I am not a risk taker. I don't ride roller coasters, and I can be pretty terrified of doing something wrong or failing. Only occasionally, I'll walk on the wild side. Every now and then I'll put myself out on a limb. I hope I do it more than I realize. I think taking risks can be a good thing. Risks, while they may expose vulnerabilities, can also create opportunities and expand possibilities. I guess the wisdom lies in deciding if the favorable outcome is worth the risk. Is what I am aiming for worth possibly missing the mark? I know someone who is a risk taker. He has an important goal in mind, so important He's taken enormous chances to achieve it.
God took a risk on us. He gave us a choice: to love Him or to reject Him. He took a big risk in the Garden of Eden. He put a tree there. He said, "You shouldn't eat from this tree." God gave Adam and Eve the choice to obey and show love. Why? Because when someone chooses to love, it's stronger, it's more authentic than someone who's programmed to love. I use this example with my sons. I tell them that when they were babies they loved me, not because they knew me or my personality or anything about me, but because I met their needs. I provided food and security and all they needed. It was a robotic and somewhat selfish type of love. As they have grown up, that love has progressed to a more sincere love. Now they know more about me. Now they choose to love me with their attitudes and actions and words. Yet, another even stronger love is around the corner for them. Someday a young lady will come into their lives, and with no obligation to do so, they will completely surrender themselves to her. They will make a choice to love her for the rest of their lives. The Bible describes this love as so powerful that a man will leave his parents and cleave to his wife. This love is strong enough that when it's chosen daily, repeatedly, it can cause a relationship to not only last a lifetime but to thrive for a lifetime as well. Do you get what I am saying? God didn't want to program us to love Him; He wanted us to choose to love Him because that's the better love. His goal was authentic love, and love was worth the risk of rejection.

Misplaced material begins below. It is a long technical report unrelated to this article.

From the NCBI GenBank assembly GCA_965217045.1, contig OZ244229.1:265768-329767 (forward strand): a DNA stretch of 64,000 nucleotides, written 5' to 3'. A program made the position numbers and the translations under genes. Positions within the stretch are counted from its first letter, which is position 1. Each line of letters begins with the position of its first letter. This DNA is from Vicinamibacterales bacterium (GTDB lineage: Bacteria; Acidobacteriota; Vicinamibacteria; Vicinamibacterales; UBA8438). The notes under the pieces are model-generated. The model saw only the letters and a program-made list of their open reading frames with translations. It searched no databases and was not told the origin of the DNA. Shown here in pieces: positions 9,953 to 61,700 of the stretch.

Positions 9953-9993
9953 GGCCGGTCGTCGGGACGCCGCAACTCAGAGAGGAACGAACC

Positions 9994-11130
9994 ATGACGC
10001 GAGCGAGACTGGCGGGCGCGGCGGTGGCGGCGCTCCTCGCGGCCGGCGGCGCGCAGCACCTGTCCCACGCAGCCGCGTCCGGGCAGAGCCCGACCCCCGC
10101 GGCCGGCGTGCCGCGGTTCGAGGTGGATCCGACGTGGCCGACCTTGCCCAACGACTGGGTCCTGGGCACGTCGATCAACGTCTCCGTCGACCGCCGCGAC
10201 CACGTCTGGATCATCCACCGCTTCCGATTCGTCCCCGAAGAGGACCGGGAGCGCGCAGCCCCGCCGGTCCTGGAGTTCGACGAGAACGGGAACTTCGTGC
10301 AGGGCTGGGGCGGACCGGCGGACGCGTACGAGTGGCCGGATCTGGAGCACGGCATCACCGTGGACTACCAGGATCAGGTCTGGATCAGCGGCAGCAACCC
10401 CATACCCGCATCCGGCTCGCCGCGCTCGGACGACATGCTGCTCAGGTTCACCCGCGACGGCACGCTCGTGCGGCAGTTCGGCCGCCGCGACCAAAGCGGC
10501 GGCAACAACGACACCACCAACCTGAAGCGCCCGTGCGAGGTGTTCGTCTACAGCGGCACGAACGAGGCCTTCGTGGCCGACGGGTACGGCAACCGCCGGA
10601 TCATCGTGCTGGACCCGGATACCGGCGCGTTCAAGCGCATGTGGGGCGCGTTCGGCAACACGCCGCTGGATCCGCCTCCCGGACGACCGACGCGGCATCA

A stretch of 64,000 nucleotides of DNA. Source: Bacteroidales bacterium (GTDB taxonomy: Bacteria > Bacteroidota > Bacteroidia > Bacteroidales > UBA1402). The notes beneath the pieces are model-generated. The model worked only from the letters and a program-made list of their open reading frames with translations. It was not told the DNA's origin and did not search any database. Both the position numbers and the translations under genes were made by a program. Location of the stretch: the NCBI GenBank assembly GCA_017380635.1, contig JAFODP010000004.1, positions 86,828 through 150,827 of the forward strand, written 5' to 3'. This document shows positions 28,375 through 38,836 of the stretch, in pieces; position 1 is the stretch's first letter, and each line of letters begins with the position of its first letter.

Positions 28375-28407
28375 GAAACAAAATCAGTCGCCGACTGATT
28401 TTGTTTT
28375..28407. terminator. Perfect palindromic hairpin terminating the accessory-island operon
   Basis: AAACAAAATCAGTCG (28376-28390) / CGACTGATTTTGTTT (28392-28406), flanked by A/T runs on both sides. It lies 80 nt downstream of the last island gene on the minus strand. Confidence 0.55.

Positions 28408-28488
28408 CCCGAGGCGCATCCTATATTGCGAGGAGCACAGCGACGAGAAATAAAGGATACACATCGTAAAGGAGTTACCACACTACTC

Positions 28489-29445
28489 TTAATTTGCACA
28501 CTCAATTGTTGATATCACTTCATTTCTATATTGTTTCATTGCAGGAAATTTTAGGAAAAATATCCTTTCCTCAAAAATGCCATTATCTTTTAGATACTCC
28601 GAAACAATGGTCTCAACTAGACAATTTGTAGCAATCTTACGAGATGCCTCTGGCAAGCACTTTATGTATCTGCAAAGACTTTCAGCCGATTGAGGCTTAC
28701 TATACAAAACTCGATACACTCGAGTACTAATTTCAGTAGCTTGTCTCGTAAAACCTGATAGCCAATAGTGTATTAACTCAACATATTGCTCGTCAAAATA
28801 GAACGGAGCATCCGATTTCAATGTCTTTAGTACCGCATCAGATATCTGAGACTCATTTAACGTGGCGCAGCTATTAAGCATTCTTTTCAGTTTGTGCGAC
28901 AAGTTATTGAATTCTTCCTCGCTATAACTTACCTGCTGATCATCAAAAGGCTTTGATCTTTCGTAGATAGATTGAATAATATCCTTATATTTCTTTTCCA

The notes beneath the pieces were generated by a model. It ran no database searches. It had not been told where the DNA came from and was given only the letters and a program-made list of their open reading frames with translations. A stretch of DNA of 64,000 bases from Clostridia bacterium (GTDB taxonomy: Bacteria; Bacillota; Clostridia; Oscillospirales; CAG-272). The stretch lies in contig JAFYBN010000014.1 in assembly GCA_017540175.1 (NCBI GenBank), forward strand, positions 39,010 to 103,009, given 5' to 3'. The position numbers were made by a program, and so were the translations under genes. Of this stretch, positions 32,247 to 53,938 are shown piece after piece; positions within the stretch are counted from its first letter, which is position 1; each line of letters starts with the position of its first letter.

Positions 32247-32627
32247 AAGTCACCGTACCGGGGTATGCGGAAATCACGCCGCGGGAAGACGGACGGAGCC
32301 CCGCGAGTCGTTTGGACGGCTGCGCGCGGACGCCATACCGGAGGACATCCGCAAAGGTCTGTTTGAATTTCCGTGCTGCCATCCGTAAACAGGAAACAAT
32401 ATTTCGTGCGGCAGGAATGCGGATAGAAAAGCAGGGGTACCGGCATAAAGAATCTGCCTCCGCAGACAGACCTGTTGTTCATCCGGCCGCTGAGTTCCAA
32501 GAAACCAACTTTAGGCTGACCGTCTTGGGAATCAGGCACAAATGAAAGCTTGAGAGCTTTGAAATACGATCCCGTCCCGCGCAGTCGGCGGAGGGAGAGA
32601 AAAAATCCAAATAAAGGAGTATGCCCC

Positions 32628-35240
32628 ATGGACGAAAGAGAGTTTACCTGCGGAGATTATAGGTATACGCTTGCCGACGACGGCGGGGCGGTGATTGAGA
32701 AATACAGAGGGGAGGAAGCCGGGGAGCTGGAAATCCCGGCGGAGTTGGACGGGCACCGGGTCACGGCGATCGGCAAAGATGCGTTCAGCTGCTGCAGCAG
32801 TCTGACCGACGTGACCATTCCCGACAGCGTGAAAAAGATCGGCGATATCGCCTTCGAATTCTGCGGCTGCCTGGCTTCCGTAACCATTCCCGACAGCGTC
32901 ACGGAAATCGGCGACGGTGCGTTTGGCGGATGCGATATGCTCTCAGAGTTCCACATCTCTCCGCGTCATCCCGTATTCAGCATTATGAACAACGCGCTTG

(You theologically minded people, this is not meant to turn into a freewill vs predestination discussion, so don't go there. Let's save that for another day.)
God took a risk at the cross too. He exposed His heart and He sacrificed His Son. Those are two extreme choices. The Bible says that when Jesus died on the cross, the veil of the temple tore in two, revealing the Holy of Holies. This small room at the back of the temple was where the Ark of the Covenant stood. And this ark was the throne of God. In it were symbols of God's love and provision for His people. This room was so holy, so set apart, that only the high priests were allowed in it, and they could only go in once a year. But all that changed when Jesus died. The veil was ripped apart, and the throne of God, indeed the very heart of God, was exposed. Wow! What a risk to take - to share that much of yourself with the entire world, knowing that not everyone would believe and receive what you were offering.
When I thought about that this morning, I was reminded of a time I took a risk. I was single, working, and I had my own apartment. Stephan and I were dating, and he was over, but about to leave for work. I walked him to the door and very casually, without even thinking, I said, "Goodbye. I love you." Neither of us had ever said those words before. I immediately realized what I'd done and slammed the door. My heart was racing. I had just made myself vulnerable. I put my true feelings on the table. I couldn't take them back. They were there to be received or trampled, the choice was Stephan's. Fortunately for me, he chose to receive them and love me back. The reward was worth the risk.
God took much bigger risks that I did. His goal is much bigger than mine. He wants to shower us with love and affection and kindness. He wants us to know Him and to love Him and be satisfied by Him. He took some risks to make that kind of relationship between each of us and Him possible. He knew some would say no; He knew some would not believe. Yet, God considered the love from and the relationship with those that said yes worth the risks.
See what great love the Father has lavished on us, that we should be called children of God! 1 John 3:1